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Journey of Swimming Cells In-micro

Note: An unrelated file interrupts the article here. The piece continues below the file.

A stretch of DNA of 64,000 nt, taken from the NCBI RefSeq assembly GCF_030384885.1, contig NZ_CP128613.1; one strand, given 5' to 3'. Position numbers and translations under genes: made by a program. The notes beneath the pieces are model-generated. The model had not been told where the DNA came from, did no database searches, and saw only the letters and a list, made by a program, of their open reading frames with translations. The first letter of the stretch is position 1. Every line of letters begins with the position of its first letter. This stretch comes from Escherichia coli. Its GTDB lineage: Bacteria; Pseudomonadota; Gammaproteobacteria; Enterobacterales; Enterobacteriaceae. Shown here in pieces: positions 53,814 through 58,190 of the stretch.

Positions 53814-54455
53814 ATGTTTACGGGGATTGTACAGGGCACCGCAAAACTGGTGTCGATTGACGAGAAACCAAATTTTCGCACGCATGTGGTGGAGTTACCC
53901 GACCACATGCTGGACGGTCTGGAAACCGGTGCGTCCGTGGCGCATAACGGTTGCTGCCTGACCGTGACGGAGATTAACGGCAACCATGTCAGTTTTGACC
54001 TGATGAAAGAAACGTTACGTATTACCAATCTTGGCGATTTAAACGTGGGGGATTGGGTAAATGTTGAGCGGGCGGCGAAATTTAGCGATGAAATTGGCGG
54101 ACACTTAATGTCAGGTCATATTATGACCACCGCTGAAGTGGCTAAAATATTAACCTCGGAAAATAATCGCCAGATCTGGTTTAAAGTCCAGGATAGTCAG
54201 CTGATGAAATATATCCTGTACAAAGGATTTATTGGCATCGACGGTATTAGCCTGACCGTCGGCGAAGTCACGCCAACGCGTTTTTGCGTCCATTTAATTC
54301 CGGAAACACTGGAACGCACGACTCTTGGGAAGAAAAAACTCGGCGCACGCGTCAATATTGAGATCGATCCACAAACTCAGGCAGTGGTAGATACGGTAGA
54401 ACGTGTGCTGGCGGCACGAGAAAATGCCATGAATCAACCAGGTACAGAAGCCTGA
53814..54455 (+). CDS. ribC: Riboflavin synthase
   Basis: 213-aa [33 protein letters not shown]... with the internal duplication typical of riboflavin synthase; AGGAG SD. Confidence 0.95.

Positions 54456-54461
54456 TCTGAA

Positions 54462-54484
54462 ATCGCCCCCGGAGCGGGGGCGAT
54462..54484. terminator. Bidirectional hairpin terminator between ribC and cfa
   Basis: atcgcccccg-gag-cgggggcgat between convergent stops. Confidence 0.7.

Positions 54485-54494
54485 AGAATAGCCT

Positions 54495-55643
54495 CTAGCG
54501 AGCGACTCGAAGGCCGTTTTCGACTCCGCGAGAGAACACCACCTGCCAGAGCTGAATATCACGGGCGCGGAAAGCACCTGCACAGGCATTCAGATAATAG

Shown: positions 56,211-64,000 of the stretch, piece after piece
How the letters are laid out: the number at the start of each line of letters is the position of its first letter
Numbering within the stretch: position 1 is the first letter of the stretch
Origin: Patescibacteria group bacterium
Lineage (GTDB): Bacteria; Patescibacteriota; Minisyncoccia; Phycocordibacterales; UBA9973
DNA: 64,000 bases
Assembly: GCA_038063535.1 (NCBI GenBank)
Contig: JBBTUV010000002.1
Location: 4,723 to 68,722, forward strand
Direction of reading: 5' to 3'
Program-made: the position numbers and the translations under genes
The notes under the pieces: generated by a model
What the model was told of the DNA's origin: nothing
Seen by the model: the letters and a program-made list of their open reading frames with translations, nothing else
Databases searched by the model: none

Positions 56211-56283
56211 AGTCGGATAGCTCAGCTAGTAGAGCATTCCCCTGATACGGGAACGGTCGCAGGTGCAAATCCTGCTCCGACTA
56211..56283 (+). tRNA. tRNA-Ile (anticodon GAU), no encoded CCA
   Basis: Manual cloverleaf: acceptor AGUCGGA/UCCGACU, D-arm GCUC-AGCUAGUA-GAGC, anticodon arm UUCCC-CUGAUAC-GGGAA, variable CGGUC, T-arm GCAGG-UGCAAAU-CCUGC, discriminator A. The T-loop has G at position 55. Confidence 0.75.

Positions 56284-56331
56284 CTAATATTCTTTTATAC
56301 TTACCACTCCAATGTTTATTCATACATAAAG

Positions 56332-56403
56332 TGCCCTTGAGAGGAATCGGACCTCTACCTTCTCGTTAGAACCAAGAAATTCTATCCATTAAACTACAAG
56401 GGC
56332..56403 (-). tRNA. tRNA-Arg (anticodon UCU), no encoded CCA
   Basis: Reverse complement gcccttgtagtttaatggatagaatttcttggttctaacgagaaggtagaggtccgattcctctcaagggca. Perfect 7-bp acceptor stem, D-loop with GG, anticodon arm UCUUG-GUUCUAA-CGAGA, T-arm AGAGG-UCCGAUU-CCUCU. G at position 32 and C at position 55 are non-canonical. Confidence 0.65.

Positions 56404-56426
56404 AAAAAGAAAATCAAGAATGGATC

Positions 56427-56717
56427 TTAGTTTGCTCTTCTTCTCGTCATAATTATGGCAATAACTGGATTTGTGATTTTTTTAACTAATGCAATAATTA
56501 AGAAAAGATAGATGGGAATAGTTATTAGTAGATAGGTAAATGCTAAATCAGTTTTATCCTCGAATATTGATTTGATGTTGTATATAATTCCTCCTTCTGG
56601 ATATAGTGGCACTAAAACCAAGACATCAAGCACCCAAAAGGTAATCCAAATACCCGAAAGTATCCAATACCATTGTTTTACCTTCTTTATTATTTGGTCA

A major puzzle in biology is how mammalian sperm cells determine and maintain the correct swimming direction during the various phases of the sexual reproduction process. Currently debated mechanisms for sperm long range travel vary from peristaltic pumping to temperature sensing (thermotaxis) and direct response to fluid flow (rheotaxis), but little is known quantitatively about their relative importance. Here, I will discuss an experimental study of mammalian sperm navigation along structured surfaces and under a fluid flow. Using microfluidic devices, one can investigate systematically the swimming behaviour of human and bull sperm over a wide range of physiologically relevant shear rates and viscosities. The measurements show that the interplay of fluid shear, steric surface-interactions and chirality of the flagellar beat leads to a stable upstream spiralling motion of sperm cells, thus providing a generic and robust rectification mechanism to support mammalian fertilization. Additionally, the very recent findings on spermatozoa trajectories in periodic flow suggest two distinct modes sperm sub-population dynamics. I will also discuss collective phenomena in suspensions of swimming cells.